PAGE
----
A beaming Queen Elizabeth enjoyed a day at the races,
indulging a lifelong passion for horses at the launch of four
days of nationwide Diamond Jubilee celebrations to mark her
60 years on the British throne.
Wearing a blue coat and matching hat, the 86-year-old was
greeted by tens of thousands of flag-waving well-wishers at
the Epsom Derby in southern England to watch one of the
racing calendar's richest events.
Welsh opera singer Katherine Jenkins led the crowd in singing
the national anthem as the queen and husband Prince Philip
looked on, reflecting a mood of patriotism that has swept the
country as the queen reaches a rare milestone.
Only one monarch has celebrated a diamond jubilee before -
Queen Elizabeth's great-great-grandmother Victoria in 1897.
The festivities mark the start of a summer of revelry in
Britain with London also hosting the Olympic Games in July.
"It's a wonderful day to be British. It's not often you get a
chance to show your pride," said racegoer Carole Peck from
Ipswich in eastern England.
"All ages, all classes are mingling together with one thing
in common. I think the whole thing with the Olympics, the
queen and the Jubilee, it's time to fly the flag."
The queen is a keen horse rider and breeder, and visits Epsom
every year. While few personal details are known about the
famously discreet head of state, it is reported that she
reads the Racing Post sports newspaper over breakfast each
Amid a crowd wearing top hats and tails and women in their
snazziest dresses, the queen looked on appreciatively from
the royal box as Derby winner Camelot was heralded in the
winner's circle. Later she presented trophies to the winning
jockey, trainer and owners.
The focus turns to London on Sunday, where huge crowds are
expected to line the streets and the River Thames for a
series of spectacular events, although rain is forecast which
could dampen enthusiasm.
Millions more are expected to attend street parties across
the country as surveys of public opinion show the royal
family's popularity is as high as it has been for decades.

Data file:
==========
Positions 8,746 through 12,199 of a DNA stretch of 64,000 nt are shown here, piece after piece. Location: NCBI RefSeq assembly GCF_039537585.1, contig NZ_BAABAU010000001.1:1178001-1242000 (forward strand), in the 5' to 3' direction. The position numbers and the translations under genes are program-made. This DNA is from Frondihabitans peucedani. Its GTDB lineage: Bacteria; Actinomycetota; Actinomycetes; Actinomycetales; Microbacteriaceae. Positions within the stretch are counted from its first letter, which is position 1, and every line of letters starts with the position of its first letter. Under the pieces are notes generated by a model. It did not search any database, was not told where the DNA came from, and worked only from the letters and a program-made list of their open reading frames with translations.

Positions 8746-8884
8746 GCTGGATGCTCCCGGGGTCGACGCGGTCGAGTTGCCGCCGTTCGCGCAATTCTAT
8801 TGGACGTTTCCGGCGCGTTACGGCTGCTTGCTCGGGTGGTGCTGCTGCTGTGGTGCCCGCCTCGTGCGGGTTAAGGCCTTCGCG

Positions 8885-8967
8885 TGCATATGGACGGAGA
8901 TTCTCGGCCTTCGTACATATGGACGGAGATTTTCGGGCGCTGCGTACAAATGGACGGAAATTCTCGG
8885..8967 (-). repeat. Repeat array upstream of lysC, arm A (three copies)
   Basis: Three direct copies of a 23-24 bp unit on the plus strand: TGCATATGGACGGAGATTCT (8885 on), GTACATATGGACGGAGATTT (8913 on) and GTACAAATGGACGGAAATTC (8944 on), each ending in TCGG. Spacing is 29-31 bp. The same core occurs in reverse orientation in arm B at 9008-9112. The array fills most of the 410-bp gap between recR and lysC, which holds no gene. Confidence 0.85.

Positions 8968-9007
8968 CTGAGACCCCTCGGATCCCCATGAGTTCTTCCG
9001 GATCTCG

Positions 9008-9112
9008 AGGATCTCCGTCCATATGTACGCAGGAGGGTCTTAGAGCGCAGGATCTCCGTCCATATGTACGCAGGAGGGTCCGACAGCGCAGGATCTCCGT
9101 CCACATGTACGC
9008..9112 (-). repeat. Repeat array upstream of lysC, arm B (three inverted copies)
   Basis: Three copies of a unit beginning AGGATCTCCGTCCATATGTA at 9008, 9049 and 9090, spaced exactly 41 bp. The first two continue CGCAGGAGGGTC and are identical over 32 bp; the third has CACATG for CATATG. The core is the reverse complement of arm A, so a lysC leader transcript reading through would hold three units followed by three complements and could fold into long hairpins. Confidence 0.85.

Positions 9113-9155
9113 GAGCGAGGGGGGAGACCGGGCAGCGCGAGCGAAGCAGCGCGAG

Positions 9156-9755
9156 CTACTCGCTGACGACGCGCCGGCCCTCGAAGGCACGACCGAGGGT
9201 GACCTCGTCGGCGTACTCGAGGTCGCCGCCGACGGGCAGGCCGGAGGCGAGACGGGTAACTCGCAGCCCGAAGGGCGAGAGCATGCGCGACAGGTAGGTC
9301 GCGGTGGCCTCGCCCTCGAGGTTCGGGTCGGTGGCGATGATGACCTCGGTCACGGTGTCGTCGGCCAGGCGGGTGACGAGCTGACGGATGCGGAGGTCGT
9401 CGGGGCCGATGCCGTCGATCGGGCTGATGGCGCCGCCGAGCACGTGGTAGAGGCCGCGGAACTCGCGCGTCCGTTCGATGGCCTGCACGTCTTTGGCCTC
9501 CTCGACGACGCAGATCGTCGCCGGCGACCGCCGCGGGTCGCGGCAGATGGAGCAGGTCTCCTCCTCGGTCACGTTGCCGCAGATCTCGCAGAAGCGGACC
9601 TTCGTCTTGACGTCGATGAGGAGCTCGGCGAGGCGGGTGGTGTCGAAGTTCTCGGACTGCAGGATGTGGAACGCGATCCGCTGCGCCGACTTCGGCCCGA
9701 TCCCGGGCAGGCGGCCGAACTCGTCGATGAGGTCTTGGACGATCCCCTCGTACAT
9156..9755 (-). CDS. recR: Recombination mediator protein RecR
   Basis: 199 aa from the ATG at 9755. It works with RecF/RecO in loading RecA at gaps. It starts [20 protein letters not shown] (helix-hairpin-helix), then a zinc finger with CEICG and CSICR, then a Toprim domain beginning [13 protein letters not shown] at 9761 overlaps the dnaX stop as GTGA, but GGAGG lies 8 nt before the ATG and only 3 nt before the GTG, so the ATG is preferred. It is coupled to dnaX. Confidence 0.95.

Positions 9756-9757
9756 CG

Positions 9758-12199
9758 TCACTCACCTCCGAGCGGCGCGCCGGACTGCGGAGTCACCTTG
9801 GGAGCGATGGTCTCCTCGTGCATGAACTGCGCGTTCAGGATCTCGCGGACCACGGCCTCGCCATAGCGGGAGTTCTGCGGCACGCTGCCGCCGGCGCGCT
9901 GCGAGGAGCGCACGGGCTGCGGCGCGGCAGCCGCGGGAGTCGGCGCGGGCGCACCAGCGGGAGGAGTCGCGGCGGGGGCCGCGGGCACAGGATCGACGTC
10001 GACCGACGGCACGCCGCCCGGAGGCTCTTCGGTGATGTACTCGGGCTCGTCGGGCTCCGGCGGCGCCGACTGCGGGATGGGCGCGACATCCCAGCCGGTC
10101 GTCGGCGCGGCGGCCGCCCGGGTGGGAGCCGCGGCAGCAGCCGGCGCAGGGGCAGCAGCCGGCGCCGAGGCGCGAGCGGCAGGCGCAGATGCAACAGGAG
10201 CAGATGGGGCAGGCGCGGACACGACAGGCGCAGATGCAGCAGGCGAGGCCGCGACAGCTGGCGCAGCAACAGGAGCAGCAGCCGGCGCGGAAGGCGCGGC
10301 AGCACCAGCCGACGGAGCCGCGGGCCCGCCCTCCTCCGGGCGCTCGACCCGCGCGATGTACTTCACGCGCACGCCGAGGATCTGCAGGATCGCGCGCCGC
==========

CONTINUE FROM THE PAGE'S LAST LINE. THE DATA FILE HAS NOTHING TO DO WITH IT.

Across Britain, red, white and blue "Union Jack" flags billow
from street lamps, shop fronts and houses, and sales of
patriotic souvenirs have rocketed ahead of the celebrations.
On Sunday, a flotilla of 1000 boats assembled from around the
globe will sail along the Thames to accompany the queen and
her 90-year-old husband on a royal barge, the largest such
pageant for 350 years.
Thousands of street parties are planned across the country,
including one in Downing Street outside Prime Minister David
Cameron's office, as part of a "Big Jubilee Lunch".
The queen's London residence Buckingham Palace will host a
pop concert on Monday featuring the likes of Paul McCartney
and Elton John, before a network of beacons are lit across
Britain and around the Commonwealth.
The celebrations culminate on Tuesday with a memorial service
at St Paul's Cathedral, a carriage procession through central
London and a fly-past by present and former Royal Air Force
To royalists, the jubilee is a chance to express their
appreciation of a woman who acceded to the throne in February
1952 on the death of her father George VI.
For others, the chance of some extra days off work and to
enjoy the sort of public ceremony for which Britain is
renowned has made the jubilee a welcome break from austere
times, pay freezes and public spending cuts.
Republicans hope the occasion marks the last hurrah of what
they say is a dying anachronism they estimate costs the
taxpayer up to 200 million pounds a year.
About a million people are expected to travel to London for
the flotilla alone, but not all will be cheering for the
queen - banner-waving republicans plan to protest at Tower
Bridge during the event.
Police said the weekend would include the largest royal
security operation. About 13,000 officials including around
6,000 police officers will be on duty for the Thames pageant.